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Thucydides, who was there at the time of the Peloponnesian War, said that the war was inevitable because of “the growth of Athenian power and the fear which this caused in Sparta.” While some scholars disagree with Thucydides, this seems like as good an explanation as any for why Sparta and Athens went to war.
Sparta and Athens were rivals for power in the Greek world. Each of these two poleis was powerful and aspired to lead the Greek world. The two poleis had very different societies and cultures. In a sense, you can compare this to the situation between the US and the USSR during the Cold War. These were rivals who were vying for power and influence.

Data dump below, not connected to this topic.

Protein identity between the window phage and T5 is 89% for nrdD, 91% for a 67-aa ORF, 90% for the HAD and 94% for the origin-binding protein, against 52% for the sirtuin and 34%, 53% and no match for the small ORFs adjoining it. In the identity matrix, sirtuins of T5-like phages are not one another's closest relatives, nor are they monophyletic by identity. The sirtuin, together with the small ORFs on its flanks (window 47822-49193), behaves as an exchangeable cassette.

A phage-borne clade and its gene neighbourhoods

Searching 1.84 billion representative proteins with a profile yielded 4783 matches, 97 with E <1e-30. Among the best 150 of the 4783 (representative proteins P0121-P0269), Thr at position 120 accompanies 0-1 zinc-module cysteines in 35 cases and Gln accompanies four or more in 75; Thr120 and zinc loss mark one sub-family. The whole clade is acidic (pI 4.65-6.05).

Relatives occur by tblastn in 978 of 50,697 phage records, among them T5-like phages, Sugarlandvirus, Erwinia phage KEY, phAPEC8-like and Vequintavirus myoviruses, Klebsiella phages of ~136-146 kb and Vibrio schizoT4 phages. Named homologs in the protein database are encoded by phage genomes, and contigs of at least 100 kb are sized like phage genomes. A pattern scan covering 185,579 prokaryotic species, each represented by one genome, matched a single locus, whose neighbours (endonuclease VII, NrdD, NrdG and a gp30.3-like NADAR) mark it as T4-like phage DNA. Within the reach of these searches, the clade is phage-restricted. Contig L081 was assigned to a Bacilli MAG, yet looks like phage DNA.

Eventually, Athens went too far for Sparta and its allies. Athens had created the Delian League to help Greece fight the Persians. However, Athens then made peace with Persia so it could turn its power to the task of dominating Greece. This worried other poleis, as Athens tried to maintain power over the Delian League even as some of its allies tried to leave because the reason for the league was gone. As Athens tried to keep its client states in line and to expand its power in Greece, Sparta and other poleis such as Corinth became more and more concerned. Eventually, the two went to war. This was a case in which competition for power eventually led to a war between two great rivals.
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